If you’ve travelled between Newport and Lincoln City, odds are good you’ve stopped at the Depoe Bay wayside. The ocean is right there next to the walkway that runs along Highway 101, with parking tantalizingly close. Who could resist?

The weather does its part to contribute to the allure. The sun adds sparkles and enhances the vibrancy of the frothy foam lapping the rough, dark rocks below the sidewalk. Perhaps even better, stormy seas and coastal winds send tall plumes over the low wall to splash on pedestrians and ill-placed cars.

If that’s not enough to entice you, you see several mentions of the coastline’s large, gentle beasts: Whale Center, Whale Museum, whale charters, whale art. This little place obviously has something to teach about these huge migrating mammals.

This Depoe Bay wayside is popular, especially during the summer months. If you can find a vacant parking space, take advantage of your good timing and soak up the seascape.

Whale Park and walkway

50 Steps Wheels:

Whale Park consists of a few picnic tables and benches grouped at the north end of the Depoe Bay wayside near a playful whale sculpture. This is a great spot to look for whale spouts against the horizon, before or after strolling the length of the sidewalk between Highway 101 and the ocean.

The step count above is from the parking space nearest the Whale Park. The full walkway is about 550 steps. If you don’t mind bumpy seating, you can rest on the wall at any point along the way.

Walk Details for Whale Park and walkway
Terrain: Level sidewalk. Curb can be avoided if you use one of the small ramps of built up pavement.
Seating: Picnic tables and benches at the Whale Park. A low rock wall along the walkway is the right height for sitting if you don’t mind an irregular surface.
Fee: No fee
Restrooms: No
Directions: Right next to Highway 101, north of the bridge in Depoe Bay. Closest parking is the north end of the walkway.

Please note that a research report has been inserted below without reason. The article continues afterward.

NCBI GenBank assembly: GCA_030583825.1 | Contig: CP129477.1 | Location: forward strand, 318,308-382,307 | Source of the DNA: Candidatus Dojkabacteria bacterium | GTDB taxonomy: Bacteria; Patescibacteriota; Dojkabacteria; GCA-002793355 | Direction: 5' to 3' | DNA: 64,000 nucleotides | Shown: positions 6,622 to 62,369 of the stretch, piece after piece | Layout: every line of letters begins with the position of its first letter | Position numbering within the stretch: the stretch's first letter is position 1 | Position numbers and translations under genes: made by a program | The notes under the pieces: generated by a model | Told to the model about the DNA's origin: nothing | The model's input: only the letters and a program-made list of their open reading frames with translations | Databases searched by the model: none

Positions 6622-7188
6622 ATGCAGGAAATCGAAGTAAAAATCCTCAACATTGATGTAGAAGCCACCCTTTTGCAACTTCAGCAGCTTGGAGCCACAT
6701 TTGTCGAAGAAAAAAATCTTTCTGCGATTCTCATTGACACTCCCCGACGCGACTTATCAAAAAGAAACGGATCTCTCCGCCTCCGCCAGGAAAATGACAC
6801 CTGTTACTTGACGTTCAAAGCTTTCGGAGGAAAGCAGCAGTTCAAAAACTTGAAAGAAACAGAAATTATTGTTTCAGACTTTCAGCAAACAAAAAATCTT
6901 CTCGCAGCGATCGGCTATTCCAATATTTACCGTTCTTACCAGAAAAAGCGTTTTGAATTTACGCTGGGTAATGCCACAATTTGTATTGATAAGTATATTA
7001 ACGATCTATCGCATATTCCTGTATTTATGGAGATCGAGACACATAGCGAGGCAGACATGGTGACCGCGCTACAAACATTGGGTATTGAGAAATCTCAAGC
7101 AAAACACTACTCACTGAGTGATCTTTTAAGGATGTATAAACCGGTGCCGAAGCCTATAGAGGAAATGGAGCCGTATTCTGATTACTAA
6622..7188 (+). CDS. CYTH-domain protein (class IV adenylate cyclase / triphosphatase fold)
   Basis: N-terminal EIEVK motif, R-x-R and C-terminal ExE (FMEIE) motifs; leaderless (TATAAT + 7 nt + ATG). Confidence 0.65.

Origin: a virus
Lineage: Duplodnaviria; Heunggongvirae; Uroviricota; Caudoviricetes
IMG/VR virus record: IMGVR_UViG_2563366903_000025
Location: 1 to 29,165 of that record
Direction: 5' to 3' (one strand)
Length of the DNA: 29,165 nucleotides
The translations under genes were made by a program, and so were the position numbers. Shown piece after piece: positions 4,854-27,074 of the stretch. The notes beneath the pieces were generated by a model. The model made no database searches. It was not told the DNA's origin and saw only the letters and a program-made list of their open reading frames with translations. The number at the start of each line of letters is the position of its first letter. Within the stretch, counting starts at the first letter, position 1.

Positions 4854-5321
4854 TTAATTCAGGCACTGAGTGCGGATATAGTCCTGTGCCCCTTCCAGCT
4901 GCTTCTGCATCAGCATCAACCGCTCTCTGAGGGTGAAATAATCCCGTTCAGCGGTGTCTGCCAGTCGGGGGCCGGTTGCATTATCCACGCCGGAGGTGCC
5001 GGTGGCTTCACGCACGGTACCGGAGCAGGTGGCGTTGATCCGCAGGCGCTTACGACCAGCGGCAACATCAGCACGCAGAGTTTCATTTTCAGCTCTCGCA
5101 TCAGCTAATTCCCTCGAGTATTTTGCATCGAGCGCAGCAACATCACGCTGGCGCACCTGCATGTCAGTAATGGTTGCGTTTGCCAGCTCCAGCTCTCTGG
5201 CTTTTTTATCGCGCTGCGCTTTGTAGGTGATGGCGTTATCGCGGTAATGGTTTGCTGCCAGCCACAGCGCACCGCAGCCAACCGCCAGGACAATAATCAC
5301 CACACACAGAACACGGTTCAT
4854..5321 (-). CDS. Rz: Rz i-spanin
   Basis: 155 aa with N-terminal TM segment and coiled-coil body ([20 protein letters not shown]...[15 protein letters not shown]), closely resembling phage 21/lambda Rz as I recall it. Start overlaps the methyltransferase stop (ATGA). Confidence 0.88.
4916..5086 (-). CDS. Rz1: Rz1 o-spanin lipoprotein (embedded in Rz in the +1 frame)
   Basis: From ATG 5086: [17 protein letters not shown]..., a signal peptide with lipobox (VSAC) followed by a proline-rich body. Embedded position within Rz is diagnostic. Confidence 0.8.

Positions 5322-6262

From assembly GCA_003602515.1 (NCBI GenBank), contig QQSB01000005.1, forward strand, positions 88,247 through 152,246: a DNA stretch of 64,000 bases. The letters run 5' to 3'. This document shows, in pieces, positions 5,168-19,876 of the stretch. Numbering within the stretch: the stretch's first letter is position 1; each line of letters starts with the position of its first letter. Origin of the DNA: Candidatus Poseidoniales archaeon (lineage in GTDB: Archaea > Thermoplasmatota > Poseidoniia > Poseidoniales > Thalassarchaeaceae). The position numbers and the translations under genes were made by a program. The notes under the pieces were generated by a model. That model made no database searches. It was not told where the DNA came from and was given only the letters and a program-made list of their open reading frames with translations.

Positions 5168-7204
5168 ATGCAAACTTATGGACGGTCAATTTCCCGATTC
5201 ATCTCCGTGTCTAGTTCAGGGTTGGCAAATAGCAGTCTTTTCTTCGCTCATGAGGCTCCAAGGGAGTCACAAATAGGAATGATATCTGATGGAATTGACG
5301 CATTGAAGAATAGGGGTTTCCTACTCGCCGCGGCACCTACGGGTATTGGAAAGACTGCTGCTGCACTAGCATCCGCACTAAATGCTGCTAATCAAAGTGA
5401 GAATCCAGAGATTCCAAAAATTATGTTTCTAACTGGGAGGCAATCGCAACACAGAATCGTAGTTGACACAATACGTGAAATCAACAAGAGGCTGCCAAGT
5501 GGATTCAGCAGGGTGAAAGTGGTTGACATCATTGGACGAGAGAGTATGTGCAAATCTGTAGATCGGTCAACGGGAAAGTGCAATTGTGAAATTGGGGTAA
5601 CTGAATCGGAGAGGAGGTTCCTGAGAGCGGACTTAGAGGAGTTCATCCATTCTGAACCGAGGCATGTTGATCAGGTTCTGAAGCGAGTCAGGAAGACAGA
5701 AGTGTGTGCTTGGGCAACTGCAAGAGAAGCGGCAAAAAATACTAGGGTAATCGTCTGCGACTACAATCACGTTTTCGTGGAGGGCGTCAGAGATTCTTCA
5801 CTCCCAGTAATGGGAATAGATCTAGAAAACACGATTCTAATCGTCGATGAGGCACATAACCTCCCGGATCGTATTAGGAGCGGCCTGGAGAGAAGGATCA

Seated overlook

25 Steps Wheels:

Not obvious from the road, stairs just north of the Whale Center ramp drop down to two prime viewing benches.   More challenging to reach than the walkway or viewing deck, you can enjoy a bit of seclusion from the busy roadside while absorbing the beauty of the area from a front-row seat.

Walk Details for Seated overlook
Terrain: Sidewalk leads to ten stairs with no railing, followed by uneven grass.
Seating: Two benches with backs
Fee: No fee
Restrooms: No, nearest are at the Whale Center.
Directions: Right next to Highway 101 just north of the bridge in Depoe Bay. Closest parking is near the stoplight.

Whale Center viewing deck

75 Steps Wheels:

At the south end of the Depoe Bay wayside, next to the entrance of the “world’s smallest harbor,” sits a building dedicated to promoting and studying whales. Part of the Oregon State Parks collective, the Whale Center is situated lower than the road, surrounded by level concrete and bordered by a stone wall matching the one that edges the roadside walkway. Reached via a long, wide ramp, in addition to offering beautiful views and a chance to spot whales, the area around the building contains a couple of signs covering tidbits of whale knowledge.

Walk Details for Whale Center viewing deck
Terrain: Level sidewalk. Ramp is sloped decking with handrails.
Seating: No
Fee: No fee
Restrooms: Located at the Whale Center, the restrooms are, oddly, the reason the building was constructed.
Directions: Right next to Highway 101 just north of the bridge in Depoe Bay. Closest parking is near the stoplight.